Can an ambitious light rail transit project succeed without central govt funding?

Economy January 29, 2018 01:00

By WICHIT CHAITRONG
THE NATION

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LOCAL authorities and civil groups in Khon Kaen have reached a consensus to build a light rail transit system as a starting point of a more ambitious goal of developing a “smart city”. They have set up companies as part of an effort to push the project ahead whether or not they get support from the central government in Bangkok.



With consent from the Interior Ministry, local authorities in Khon Kaen have created the Khon Kaen Transit System Co (KKTS) with capital of Bt5 million as a first step towards building the light rail system. 

Meanwhile, 20 local companies have set up Khon Kaen City Development Co (KKTT) with the aim of investing in the rail system and other projects under the smart city vision. 

Observers believe that local governments, private firms and civil groups in Khon Kaen have the ability to pursue the mass-transit project in their own urban area, but they will find it challenging due to bureaucracy at the Interior Ministry and a lack of financial resources. 

“The challenge is there but the pressure would also be mounting on the Interior Ministry,” Deunden Nikomborirak, research director at the Thailand Development Research Institute (TDRI), said when asked how a light railway project worth Bt15 billion could get off the ground in Khon Kaen.

The project has been delayed by a year to wait for a complete feasibility study conducted by the Transport and Traffic Policy Plan Office. 

“If local governments in Khon Kaen do not use a central government budget, I wonder how the Interior Ministry – which supervises local governments – would oppose their move,” said Deunden. 

Supawatanakorn Wongthana-vasu, dean of the college of local administration at Khon Kaen University, said that it took about 10 years before local governments, private companies, academics and civil groups reached a consensus that they needed to build a mass transit system to solve traffic congestion.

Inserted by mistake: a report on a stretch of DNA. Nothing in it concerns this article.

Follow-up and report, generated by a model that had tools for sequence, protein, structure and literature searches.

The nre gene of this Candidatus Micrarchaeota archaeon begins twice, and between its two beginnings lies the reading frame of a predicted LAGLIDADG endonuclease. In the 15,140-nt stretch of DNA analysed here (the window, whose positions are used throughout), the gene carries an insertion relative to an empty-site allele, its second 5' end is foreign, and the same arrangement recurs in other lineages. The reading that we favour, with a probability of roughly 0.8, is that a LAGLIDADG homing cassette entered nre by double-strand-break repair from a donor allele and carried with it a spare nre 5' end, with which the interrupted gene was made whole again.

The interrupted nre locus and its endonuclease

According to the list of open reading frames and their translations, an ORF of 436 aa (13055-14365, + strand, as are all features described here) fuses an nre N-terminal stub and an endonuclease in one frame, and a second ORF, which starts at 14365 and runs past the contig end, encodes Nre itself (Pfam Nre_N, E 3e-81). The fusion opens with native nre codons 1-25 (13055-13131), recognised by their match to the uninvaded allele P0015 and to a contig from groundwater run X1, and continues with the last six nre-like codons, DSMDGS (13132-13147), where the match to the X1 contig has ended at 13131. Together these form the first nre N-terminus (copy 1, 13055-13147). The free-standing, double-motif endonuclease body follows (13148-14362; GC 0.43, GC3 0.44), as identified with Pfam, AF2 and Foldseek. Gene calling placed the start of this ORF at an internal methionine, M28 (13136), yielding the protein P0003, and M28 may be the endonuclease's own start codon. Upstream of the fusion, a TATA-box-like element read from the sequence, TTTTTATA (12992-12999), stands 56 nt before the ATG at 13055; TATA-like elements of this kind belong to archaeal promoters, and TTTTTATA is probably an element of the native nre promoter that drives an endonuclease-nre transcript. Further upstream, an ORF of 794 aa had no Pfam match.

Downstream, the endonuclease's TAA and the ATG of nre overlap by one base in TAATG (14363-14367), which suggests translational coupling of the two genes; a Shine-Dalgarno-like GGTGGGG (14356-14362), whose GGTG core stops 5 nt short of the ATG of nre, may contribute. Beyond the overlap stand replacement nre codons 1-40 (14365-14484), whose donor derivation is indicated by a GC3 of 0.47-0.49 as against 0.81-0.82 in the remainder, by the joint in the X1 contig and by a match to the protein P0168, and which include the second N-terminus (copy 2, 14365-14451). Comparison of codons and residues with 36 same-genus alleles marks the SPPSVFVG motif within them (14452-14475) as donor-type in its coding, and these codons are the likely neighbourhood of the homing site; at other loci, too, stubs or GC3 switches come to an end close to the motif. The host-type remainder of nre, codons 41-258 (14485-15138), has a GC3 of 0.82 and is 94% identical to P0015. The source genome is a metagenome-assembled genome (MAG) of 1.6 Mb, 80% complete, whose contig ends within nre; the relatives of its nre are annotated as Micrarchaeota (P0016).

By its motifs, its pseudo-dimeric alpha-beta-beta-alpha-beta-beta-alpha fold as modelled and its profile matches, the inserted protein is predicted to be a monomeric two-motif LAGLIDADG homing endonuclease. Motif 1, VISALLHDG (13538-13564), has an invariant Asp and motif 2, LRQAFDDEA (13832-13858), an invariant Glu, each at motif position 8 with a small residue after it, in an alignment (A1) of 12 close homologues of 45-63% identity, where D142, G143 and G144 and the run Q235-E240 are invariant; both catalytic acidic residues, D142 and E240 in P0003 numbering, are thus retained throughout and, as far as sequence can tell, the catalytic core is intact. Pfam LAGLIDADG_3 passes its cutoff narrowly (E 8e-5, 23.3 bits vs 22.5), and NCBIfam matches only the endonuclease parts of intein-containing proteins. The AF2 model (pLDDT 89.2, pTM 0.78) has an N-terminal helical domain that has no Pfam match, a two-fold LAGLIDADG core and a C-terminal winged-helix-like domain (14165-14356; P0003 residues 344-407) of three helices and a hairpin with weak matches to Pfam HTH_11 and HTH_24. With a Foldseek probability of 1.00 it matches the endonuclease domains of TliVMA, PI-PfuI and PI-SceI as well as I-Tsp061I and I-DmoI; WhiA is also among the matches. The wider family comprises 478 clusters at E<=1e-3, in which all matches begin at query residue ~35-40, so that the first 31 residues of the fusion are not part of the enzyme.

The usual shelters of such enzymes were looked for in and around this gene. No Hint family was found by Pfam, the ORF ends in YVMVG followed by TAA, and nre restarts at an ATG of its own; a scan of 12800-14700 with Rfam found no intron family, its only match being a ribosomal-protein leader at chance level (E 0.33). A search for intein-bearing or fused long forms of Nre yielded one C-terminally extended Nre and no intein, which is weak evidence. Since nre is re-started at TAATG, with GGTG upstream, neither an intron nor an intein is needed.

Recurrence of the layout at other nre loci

But it is believed that local governments could collect tax of only Bt1 billion a year, falling far short of the large amount of investment needed.

“Participation is the key and we would also utilise local government mechanisms to run the project,” she said in regard to the funding issue.

The Khon Kaen model involves cost-sharing, where private companies have to bear investment costs and find new streams of revenue, she explained.

Revenue to finance the project may come from the development of property along the rail routes, which could generate a large income. However, public land in urban areas comes under the jurisdiction of the Treasury Department, meaning the project must be approved by the Cabinet, she said.

 Supasawad Chardchawarn, dean of the political science faculty at Thammasat University, was somewhat pessimistic about the project.

He said that bureaucrats at the Interior Ministry might oppose crucial actions of the KKTS, because they had previously opposed the Bangkok administration in its bid to raise funds by issuing bonds to finance mass transit projects.

Under the Khon Kaen model, it is not clear who would own the rail assets or how procurement would proceed. What is the status of the KKTS? Supasawad asked. Is it a private company or a state enterprise? He said some officials might have different legal interpretations. “I want the Khon Kaen model to be a showcase for other local governments across the country, but they will find it very hard to get this project implemented,” he added.

Sumet Ongkittikul, research director at TDRI, said that the central government had invested in mass transit systems only in Bangkok. As a result, the other provinces did not have well-organised transport systems.

He said the local authorities and other parties in Khon Kaen might be able to mount the light rail project, but the challenge was where to source the funding to finance it.